Some have noticed that I often quote or cite things from the Brotherhood Prayer Book, and they have wondered what it is. It’s not a book like the Bible (although what it teaches is in accordance with the Bible, and a substantial portion of its content is drawn directly from the Bible); nor is it one of our official symbols, like the Small Catechism. What it is is a devotional resource second to none. It allows the user to pray the Daily Office — that organized, structured pattern of prayer that the Christian Church has always had, in one form or another. Matins and Vespers, if you’re familiar with those, are two of the Daily Offices. The Daily Office provides structure and flexibility in daily prayer — it’s a welcome tool for me because I get sick of my own paltry prayers. When you pray using God’s Word, you’re praying God’s words back to Him, so you know it’s going to be good. And it builds you up and strengthens you at the same time. Plus, I get to take part in a long line of Christians who have prayed this way; we share a common faith in the Crucified and the way I pray reflects that. Gregorian chant is soothing and calming — another benefit for me. It centers me in God’s Word and it’s good to do something that has nothing to do with the mundane chores and tasks of everyday life. The time I spend praying the Daily Office lifts me up to God by God’s coming to me through His Word. Somebody asked me a while ago what my hobbies are. I guess my hobby is praying the Daily Office.
This article comes from Gnesio (they’re listed on the sidebar if you want to browse through more of their stuff — there’s almost too much good stuff on that site!) It’s drawn in part from the introduction to the Brotherhood Prayer Book. Hopefully this answers any questions folks may have. If you want to know more, just comment or email! Thanks for reading!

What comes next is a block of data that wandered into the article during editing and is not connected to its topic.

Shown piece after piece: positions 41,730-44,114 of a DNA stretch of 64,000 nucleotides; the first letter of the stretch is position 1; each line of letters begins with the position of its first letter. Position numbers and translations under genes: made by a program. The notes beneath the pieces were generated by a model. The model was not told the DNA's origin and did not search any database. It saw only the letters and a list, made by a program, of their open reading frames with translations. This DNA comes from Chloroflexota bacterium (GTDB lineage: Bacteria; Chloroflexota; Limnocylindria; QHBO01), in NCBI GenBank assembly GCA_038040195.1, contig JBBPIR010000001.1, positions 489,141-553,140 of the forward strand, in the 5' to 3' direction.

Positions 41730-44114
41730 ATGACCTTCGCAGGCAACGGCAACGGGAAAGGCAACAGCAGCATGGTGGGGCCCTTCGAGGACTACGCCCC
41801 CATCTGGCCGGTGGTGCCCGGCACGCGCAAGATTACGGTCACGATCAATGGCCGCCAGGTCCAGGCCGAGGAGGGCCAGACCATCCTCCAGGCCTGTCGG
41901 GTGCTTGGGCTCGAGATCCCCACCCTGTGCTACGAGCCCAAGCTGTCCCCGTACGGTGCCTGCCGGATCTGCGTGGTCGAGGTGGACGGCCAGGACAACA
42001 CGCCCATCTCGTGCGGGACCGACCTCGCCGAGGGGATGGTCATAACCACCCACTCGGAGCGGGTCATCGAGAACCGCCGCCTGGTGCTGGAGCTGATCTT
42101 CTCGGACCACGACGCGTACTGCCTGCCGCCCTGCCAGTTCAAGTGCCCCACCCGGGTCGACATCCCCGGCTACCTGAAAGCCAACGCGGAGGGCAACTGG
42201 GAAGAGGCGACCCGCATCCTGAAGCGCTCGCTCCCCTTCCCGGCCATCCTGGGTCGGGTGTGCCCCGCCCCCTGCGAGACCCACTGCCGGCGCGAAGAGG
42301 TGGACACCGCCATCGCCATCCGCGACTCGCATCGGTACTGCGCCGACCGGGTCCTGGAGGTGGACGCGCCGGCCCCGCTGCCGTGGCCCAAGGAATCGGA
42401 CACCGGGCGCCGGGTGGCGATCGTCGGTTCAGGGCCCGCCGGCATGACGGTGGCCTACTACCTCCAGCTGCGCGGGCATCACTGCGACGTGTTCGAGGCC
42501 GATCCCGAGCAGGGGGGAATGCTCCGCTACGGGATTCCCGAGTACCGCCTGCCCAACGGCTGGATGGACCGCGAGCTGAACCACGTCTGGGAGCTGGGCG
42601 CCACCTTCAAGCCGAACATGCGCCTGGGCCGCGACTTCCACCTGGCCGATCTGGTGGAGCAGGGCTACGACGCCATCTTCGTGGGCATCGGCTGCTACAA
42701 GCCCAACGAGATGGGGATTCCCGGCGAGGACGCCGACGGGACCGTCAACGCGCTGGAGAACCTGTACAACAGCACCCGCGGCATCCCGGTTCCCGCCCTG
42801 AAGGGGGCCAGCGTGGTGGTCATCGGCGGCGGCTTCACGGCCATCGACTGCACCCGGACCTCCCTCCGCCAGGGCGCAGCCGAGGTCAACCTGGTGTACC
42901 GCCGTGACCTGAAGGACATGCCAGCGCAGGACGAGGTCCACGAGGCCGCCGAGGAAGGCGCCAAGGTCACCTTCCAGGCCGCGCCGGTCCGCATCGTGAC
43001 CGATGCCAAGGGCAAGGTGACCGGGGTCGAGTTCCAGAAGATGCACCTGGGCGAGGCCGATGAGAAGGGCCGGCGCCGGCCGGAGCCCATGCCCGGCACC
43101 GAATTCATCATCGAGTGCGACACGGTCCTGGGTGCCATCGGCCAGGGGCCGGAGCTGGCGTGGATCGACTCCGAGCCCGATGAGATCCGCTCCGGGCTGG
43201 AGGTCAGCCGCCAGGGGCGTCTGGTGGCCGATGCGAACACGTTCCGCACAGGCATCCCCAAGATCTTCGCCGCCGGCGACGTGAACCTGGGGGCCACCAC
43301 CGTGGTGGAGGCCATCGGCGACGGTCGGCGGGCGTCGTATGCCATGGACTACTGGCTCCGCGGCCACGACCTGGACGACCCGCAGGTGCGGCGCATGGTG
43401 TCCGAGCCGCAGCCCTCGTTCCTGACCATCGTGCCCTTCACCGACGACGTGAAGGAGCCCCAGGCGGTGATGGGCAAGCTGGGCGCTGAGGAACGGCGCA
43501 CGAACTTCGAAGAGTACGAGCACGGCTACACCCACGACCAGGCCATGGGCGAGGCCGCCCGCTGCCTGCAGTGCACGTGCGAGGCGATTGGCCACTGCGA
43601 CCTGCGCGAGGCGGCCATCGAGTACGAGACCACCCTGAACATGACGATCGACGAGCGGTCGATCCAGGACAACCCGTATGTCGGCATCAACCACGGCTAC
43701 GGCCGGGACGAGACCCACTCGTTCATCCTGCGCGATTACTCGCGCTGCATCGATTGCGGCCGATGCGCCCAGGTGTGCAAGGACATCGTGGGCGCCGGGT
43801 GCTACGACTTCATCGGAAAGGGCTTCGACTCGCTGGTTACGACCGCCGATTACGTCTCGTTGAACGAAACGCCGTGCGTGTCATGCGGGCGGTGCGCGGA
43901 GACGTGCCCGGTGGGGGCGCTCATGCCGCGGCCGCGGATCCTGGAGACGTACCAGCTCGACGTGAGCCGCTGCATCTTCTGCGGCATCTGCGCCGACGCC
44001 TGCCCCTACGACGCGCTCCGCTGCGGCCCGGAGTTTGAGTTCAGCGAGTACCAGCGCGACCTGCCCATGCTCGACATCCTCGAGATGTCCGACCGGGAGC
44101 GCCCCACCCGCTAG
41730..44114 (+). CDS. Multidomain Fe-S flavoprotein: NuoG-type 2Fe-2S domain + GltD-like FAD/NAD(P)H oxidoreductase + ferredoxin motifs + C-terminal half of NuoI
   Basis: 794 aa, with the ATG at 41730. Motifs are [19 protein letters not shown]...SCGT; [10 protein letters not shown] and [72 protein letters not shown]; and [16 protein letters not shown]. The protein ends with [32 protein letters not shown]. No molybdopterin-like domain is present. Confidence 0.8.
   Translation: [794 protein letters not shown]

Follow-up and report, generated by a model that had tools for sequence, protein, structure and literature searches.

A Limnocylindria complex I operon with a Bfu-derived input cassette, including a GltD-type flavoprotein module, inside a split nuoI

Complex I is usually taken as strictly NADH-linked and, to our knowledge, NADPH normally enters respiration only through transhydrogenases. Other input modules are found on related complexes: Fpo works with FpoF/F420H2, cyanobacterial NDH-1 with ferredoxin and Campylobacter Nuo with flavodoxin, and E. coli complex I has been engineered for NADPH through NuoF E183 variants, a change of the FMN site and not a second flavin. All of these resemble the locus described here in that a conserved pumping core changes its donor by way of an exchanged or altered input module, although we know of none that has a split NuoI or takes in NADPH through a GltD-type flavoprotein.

“Within the last two decades, the Lutheran Church in the United States, and perhaps all Christendom in North America, has seen two tendencies in worship. One tendency is to make worship as accessible as possible to modern man, for the sake of mission. This tendency has led to wholesale or partial abandonment of historic western liturgical forms and has often neglected liturgical song, making worship music the business of a band or song leader. Music and text have striven for simplicity.

The other tendency has perhaps arisen as a result of this simplification of the liturgy. Awakened by the excesses of the former tendency, many have sought meaning and edification in the classical liturgical forms of the Lutheran Church. As the Lutheran liturgical heritage is rooted firmly in western catholic liturgy, they have sought to reappropriate for themselves everything edifying, everything beautiful, everything solemn from the history of our church. Whereas the former tendency strives for simplicity, the latter tendency strives for transcendence and reverence. It is out of this latter, liturgical tendency within the Lutheran Church, and the Lutheran Church – Missouri Synod in particular, that The Brotherhood Prayer Book was born.